French Young Adults Excavate 560,000-Year-Old Tooth in Arago Cave

History of the Arago Cave

The area of the Arago Cave is probably most well-known for the finding of the Tautavel Man fossil. The fossil was one of the oldest fossils found to date. Until this past week.

The cave was thought to be occupied around 700,000 to 35,000 years ago, as the findings have resulted in a variety animal, human bones, and tools. All a different age that suggests the cave was occupied at various points in the past.

It would make sense, as the cave is overlooking a valley which can make for a bird’s eye view below, and make watching the local game a lot easier. Also interesting in the finds is that the species of humans that lived here were capable of speaking as revealed by various skulls. Later experts agreed that the characteristics found were of a pre-Neanderthal Homo erectus, one group before the emergence of Neanderthals as we know it.

The finding of the 560,000-year-old tooth

Which is why the finding of the 560,000-year-old tooth was so significant. The tooth that was found completely isolated from any other fossil with no nearby skull it belonged to was dated to be 100,000 years older than the Tautavel Man.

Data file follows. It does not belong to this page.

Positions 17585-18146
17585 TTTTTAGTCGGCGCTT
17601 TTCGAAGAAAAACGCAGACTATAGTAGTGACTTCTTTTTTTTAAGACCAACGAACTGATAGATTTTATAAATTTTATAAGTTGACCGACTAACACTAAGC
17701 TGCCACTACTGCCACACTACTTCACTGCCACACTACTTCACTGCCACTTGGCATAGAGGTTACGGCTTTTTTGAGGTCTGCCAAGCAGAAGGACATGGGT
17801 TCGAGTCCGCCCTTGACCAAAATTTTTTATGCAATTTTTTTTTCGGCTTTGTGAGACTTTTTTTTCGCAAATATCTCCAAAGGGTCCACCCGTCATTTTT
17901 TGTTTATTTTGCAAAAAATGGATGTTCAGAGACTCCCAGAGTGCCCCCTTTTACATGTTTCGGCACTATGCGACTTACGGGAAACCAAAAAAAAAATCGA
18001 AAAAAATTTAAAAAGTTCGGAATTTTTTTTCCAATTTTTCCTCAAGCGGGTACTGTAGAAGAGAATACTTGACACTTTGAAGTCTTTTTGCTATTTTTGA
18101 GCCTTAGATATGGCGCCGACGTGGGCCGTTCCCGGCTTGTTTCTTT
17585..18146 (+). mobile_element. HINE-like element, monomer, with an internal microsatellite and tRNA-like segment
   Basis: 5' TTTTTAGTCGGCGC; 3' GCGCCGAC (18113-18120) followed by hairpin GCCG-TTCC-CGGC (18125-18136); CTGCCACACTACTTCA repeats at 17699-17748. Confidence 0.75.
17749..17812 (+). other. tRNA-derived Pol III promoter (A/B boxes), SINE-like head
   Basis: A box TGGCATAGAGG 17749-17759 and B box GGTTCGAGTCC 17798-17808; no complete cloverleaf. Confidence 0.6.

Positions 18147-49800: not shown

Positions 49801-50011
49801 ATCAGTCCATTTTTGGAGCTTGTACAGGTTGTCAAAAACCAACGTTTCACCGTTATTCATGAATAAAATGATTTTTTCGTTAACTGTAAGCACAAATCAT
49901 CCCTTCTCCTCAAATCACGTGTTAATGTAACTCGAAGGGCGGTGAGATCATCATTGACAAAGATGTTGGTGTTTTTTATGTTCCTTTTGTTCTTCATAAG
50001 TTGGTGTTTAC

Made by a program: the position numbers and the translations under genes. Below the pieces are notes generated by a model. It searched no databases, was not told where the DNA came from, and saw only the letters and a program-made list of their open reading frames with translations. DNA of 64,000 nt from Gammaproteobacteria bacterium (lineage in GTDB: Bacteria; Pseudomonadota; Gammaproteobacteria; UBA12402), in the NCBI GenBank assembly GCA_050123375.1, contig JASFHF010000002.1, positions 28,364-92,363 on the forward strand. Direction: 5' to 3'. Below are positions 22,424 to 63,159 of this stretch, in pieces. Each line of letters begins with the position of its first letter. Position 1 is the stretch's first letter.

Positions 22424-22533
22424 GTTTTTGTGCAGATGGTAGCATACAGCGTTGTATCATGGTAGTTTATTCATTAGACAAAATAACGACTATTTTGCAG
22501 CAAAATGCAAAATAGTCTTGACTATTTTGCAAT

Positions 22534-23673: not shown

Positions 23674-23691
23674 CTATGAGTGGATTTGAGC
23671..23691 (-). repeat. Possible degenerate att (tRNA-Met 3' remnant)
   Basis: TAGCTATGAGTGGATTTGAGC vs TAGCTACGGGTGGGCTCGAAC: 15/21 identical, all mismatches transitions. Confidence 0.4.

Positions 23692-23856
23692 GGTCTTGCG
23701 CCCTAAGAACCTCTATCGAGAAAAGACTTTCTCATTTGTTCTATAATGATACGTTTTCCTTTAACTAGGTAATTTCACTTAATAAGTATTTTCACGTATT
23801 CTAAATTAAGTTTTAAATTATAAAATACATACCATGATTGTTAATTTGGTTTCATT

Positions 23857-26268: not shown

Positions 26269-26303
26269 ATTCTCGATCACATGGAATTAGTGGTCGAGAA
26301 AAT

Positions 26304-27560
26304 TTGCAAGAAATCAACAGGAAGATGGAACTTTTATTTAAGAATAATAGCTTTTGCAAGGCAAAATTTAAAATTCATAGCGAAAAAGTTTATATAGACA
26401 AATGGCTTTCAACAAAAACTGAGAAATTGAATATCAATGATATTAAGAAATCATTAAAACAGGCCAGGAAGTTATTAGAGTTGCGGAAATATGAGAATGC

This was found this past Thursday, when two young French archaeologists began working on the area. There, the 560,000-year-old tooth was found and revealed to be a worn down incisor.

Finding this ancient tooth was truly a great find and very fortuitous as most fossils that date from 500,000 to 800,000 are a rare commodity in Europe, especially since no burials were done then. The 560,000-year-old tooth helps to fill in the blanks for the archaeology community about that point in time. It can also tell a lot about the lifestyle existing during that time. The person that was supervising the excavation site was Amélie Vialet, a paleoanthropologist.

The site of the Arago Cave has been a point of interest for scientists and have turned up many interesting finds about that lost prehistoric era. At the moment–although it is highly doubtful–the team is hoping to find the body the 560,000-year-old tooth belonged to in order to get more information on the people who lived before the Neanderthals.


Protect your devices with really strong protection: